R. Mutt: Fountain



Fountain is a 1917 work by Marcel Duchamp. It is one of the pieces which he called readymade (also known as found art), because he made use of an already existing object—in this case a urinal, which he titled Fountain and signed “R. Mutt”. It was submitted to an art show as an act of provocation, but was lost shortly after this. It is a major landmark in 20th century art. Replicas commissioned by Duchamp in the 1960s are now on display in museums.


Marcel Duchamp had arrived in the United States less than two years previous to the creation of Fountain, and had become involved with Dada, an anti-rational, anti-art cultural movement, in New York City. Creation of Fountain began when, accompanied by the artist Joseph Stella and art collector Walter Arensberg, he purchased a standard Bedfordshire model urinal from the J.L. Mott Iron Works, 118 Fifth Avenue. When the urinal was in his studio at 33 West 67th Street, he turned it 90 degrees from its normal position, and wrote on it “R. Mutt 1917”.

Duchamp was a board member of the Society of Independent Artists and submitted the piece under the name R. Mutt, presumably to hide his involvement with the piece, to their 1917 exhibition, which, it had been proclaimed, would exhibit all work submitted. After much debate by the board members (most of whom did not know Duchamp had submitted it) about whether the piece was or was not art, Fountain was hidden from view during the show. Duchamp and Arensberg resigned from the board after the exhibition.

The New York Dadaists stirred controversy about Fountain and its being hidden from view in the second issue of The Blind Man which included a photo of the piece and a letter by Alfred Stieglitz, and writings by Beatrice Wood and Arensberg. In defense of the work being art, Wood wrote “The only works of art America has given are her plumbing and her bridges.” Duchamp described his purpose with the piece as shifting the focus of art from physical craft to intellectual interpretation.

Shortly after its initial exhibition, Fountain was lost. In the 1960s, Duchamp commissioned reproductions to be made of the piece.


Of all the works in this series of readymades, Fountain is the most famous because the symbolic meaning of the toilet takes the conceptual challenge posed by the readymades to their most visceral extreme. But like the use of the word “Dada” for the art movement, the meaning (if any) and intention of both the piece and the signature “R. Mutt” are difficult to pin down precisely. Mutt and Jeff was a popular contemporary comic strip. It is not clear whether Duchamp had in mind the German “armut” (meaning poverty), but he did state that the initial “R” stood for “Richard”, which is slang in French for “moneybags”. It is also suggested that R. Mutt is a play off R. Mott, the company that produced the Paris sewer pipes. It is also possible that he derived the name from Mott Iron Works, a plumbing fixture company based in The Bronx, which manufactured the urinal that Duchamp used.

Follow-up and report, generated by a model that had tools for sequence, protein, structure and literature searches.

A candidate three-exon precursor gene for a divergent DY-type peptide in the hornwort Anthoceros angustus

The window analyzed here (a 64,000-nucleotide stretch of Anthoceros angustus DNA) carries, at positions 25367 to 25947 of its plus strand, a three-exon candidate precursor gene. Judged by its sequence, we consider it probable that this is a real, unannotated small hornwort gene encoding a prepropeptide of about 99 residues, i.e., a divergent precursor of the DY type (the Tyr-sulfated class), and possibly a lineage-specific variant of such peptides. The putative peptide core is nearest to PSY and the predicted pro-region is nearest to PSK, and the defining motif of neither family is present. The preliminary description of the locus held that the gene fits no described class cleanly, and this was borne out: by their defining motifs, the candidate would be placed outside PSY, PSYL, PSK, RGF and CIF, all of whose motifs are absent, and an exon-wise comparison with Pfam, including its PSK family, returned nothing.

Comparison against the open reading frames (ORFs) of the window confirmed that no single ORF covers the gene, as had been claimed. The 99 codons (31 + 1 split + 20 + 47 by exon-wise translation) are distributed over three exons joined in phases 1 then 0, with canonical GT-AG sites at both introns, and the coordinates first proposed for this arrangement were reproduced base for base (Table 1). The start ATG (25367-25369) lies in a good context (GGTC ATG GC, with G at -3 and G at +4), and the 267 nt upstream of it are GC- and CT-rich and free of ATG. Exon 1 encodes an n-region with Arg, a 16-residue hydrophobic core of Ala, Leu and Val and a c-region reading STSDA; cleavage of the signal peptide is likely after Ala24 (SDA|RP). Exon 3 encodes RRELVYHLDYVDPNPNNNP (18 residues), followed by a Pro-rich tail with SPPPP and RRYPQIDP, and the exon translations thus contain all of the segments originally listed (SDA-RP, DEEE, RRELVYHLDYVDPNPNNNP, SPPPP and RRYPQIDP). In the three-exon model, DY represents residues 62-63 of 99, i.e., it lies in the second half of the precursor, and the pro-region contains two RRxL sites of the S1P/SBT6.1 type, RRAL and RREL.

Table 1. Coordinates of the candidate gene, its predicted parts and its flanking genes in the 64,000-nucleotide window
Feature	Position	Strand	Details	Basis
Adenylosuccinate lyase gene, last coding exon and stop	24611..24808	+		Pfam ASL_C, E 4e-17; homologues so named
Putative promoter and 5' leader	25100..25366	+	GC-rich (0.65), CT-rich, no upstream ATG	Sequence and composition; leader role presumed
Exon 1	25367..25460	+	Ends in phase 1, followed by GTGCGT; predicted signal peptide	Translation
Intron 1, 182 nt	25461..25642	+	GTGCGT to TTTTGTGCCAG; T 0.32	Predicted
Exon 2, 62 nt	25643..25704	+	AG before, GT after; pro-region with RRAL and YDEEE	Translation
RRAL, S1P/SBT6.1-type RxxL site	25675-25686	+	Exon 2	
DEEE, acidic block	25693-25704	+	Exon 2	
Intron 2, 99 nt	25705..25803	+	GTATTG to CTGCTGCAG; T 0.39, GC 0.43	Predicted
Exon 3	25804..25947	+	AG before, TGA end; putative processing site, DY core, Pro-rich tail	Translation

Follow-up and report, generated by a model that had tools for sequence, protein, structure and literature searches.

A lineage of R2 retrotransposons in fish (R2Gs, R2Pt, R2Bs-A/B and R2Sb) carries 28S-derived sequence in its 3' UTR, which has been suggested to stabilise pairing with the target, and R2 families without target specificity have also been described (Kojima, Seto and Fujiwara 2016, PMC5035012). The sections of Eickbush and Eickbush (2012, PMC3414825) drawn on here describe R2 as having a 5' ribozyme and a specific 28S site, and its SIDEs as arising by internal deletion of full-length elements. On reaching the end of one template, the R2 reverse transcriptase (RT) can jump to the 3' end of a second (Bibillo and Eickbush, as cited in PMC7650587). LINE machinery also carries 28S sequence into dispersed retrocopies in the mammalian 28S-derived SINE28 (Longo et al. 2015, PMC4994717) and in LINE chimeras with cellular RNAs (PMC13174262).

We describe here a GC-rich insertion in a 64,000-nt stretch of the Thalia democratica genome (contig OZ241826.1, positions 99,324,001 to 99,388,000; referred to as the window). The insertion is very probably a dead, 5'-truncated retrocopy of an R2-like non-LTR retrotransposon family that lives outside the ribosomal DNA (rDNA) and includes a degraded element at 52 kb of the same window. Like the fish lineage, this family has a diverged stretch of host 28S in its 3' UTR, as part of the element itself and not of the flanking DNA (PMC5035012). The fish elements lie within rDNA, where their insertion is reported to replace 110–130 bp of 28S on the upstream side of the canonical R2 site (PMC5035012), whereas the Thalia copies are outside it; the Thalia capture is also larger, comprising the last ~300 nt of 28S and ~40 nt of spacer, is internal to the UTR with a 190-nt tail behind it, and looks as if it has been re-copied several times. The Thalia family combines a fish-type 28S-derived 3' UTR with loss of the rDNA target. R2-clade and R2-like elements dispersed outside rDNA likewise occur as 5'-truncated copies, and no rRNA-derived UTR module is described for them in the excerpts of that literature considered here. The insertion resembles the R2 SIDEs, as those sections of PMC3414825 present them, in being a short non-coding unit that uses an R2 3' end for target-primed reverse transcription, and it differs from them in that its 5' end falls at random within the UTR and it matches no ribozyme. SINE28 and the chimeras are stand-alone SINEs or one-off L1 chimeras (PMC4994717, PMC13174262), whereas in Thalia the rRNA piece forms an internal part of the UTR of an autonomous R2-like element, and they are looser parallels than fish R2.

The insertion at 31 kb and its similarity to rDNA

In December 2004, Duchamp’s Fountain was voted the most influential artwork of the 20th century by 500 selected British artworld professionals. Jerry Saltz wrote in The Village Voice in 2006: ‘Duchamp adamantly asserted that he wanted to “de-deify” the artist. The readymades provide a way around inflexible either-or aesthetic propositions. They represent a Copernican shift in art. Fountain is what’s called an “acheropoietoi,” [sic] an image not shaped by the hands of an artist. Fountain brings us into contact with an original that is still an original but that also exists in an altered philosophical and metaphysical state. It is a manifestation of the Kantian sublime: A work of art that transcends a form but that is also intelligible, an object that strikes down an idea while allowing it to spring up stronger.’

Marcel Duchamp (1887 – 1968)

Fountain (1917)


On display: USA: Indiana University Art Museum, San Francisco Museum of Modern Art, Philadelphia Museum of Art ; England: Tate Modern London (Duchamp-authorized recreations).

This story is copy-pasted from http://en.wikipedia.org/wiki/Fountain_(Duchamp) including the image: Fountain by Marcel Duchamp, 1917, photographed by Alfred Stieglitz at his 291 gallery after the 1917 Society of Independent Artists exhibit. Stieglitz used a backdrop of The Warriors by Marsden Hartley to photograph the urinal. The exhibition entry tag can be clearly seen.

Epilogue: Marcel Duchamp bought a new urinal from the J.L. Mott Iron Works. So it’s not a recycled one. But with his R.Mutt signed Fountain he showed the world that there was more to an everyday functional object, than it’s designed first use or it’s end-of-life-use a.k.a trash. Since this website is all about reusing items: I considered that the inventor of the readymade couldn’t be absent here on Superuse. (SB/Jb)

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Toon Verberg